You might think of a road trip as being a way to get from point A to point B. But, to me, a road trip is all about all the things you see in between. Roadside attractions, national parks, drive-throughs, and even gas stations are all road trip stops that are part of the car trip experience. In fact, there are so many things to see on a road trip that it sometimes might seem impossible to see them all!
If you’re planning a road trip and wondering where you can expect to stop, read on for some ideas and inspiration
Types of road trip stops and things to see on a road trip:
Roadside attractions are my favorite things to see on a road trip. From the world’s largest buffalo to the world’s smallest church and every muffler man in between.
Roadside attractions are usually wacky things, often big things, and almost always just a short detour from the highway. Find the best roadside attractions in every state to visit on your next road trip using the list below:
National Parks are natural areas designated for conservation of the scenery historical objects, nature, and wildlife within their boundaries. These protected areas often provide stunning views, unique geological features, and recreational opportunities for millions of visitors each year. In the United States there are 63 National Parks across thirty states and the territories of American Samoa and the U.S. Virgin Islands. If you want to stop at a National Park on your road trip, click here to find a park near your route or destination.
National monuments are protected “historic landmarks, historic and prehistoric structures, and other objects of historic or scientific interest.” They aren’t as big as national parks and can make a fun road trip stop for anyone interested in history, geology, archeology, or culture.
Scenic overlooks (also called scenic viewpoint, observation point, or lookout) are an elevated space along a highway, parkway, or other road that allow you to pull over to take in the views. They often look over mountains, valleys, trees, or water and the panoramic scene makes for a great photo of two. You probably won’t have time to stop at every viewpoint you pass, but take some time out to check out a few and appreciate the land you’re driving.
Gas stations are often necessary road trip stops. The number one reason to stop at a gas station is obviously to fuel up your car when the tank is running low, but there are also so many more reasons to pull over.
Gas stations also offer bathrooms (in various degrees of cleanliness); snacks like chips or candy bars; coffee, water, and soda; directions; a place to stretch your legs; and sometimes even roadside attractions!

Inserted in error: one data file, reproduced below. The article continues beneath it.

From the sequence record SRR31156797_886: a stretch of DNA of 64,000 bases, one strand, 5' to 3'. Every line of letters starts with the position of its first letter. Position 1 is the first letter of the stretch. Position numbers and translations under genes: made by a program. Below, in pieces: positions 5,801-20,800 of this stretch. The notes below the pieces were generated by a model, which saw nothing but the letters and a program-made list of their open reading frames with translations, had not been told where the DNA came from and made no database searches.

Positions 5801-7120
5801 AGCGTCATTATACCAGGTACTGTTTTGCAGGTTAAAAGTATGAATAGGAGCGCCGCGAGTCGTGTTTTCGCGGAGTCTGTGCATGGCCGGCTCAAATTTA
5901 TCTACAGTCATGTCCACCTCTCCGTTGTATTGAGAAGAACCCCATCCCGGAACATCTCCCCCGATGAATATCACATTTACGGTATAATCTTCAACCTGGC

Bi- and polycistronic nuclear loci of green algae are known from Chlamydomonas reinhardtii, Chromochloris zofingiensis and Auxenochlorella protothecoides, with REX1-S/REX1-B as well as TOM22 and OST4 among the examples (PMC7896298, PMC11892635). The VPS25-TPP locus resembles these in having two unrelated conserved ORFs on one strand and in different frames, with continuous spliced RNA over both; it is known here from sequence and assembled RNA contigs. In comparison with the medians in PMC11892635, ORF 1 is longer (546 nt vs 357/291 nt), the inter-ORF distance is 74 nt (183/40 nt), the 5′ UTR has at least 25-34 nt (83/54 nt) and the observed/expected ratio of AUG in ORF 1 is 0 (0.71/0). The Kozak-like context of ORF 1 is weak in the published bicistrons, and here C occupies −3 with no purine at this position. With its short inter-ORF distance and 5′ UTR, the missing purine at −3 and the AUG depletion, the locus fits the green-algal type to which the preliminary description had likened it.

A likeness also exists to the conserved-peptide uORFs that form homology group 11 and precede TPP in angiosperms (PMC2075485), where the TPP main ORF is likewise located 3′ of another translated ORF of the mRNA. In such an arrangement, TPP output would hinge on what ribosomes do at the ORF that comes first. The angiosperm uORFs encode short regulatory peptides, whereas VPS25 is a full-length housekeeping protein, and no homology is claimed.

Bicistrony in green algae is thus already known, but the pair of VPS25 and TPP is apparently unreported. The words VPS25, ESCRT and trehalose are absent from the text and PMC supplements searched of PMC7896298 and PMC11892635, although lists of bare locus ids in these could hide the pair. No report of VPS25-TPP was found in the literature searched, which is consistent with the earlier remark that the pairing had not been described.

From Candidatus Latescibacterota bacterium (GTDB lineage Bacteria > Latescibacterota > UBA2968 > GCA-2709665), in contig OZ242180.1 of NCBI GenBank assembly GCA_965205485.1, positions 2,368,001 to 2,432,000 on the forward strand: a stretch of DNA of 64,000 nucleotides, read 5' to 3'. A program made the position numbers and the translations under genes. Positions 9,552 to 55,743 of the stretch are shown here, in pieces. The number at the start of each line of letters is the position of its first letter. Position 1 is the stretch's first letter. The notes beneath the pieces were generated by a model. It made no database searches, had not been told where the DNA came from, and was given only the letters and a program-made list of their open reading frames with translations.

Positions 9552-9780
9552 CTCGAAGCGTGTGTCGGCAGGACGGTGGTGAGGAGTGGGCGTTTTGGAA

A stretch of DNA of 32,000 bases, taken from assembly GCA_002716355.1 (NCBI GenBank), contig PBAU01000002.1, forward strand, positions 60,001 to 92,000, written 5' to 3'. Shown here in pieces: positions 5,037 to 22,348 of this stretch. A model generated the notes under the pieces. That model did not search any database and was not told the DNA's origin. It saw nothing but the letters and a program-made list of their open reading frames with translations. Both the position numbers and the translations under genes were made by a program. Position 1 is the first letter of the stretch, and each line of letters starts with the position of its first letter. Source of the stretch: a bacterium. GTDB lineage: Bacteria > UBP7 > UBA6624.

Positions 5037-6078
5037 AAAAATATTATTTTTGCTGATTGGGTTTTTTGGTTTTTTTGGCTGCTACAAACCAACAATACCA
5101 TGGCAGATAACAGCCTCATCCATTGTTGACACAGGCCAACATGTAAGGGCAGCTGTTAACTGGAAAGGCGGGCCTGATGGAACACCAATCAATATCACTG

Travel Centers take gas stations to the next level. Yes, you can stop there to fill up your tank, but they often offer so much more. Synonymous with truck stops, travel centers often have restaurants and souvenir shops at the very least. But they can also have anything from barber shops to showers to hotel rooms and more. Some of the most well-known travel centers are the Iowa 80 World’s Largest Truckstop, Little America, Pilot Flying J, and Buc-ee’s.
Rest stops offer little more than bathrooms, travel brochures, and picnic tables (to pull out your road trip sandwiches for lunch). But they serve their purpose by giving you a convenient place to pull over when you need a bathroom break.
You can usually find a welcome center (or visitors center) within the first few exits upon entering a state on the highway. Similar to rest areas, you can find here bathrooms and brochures but often also more information about what to do in the state, free maps, and a staffed desk to answer any questions you might have.
Almost anywhere you go on a road trip you will surely be near a specialty shop selling local delicacies. Whether you’re stopping at a famous Wisconsin cheese shop, looking for a Stuckey’s pecan log roll, or want to try a jar of blueberry jam in Maine, almost every road trip route will have a store worth stopping at along the way.
You have to eat and there are so many road trip stops that will keep you well fed. You might think about stopping at fast food drive throughs, and while those are definitely part of the experience, there are other options! Local diners are always a favorite (along with drive-ins and dives, of course), but there are also breweries serving food, top-ten restaurants, and even fine dining establishments. You aren’t limited by where to eat on a road trip, only by your level of hunger and your road trip budget.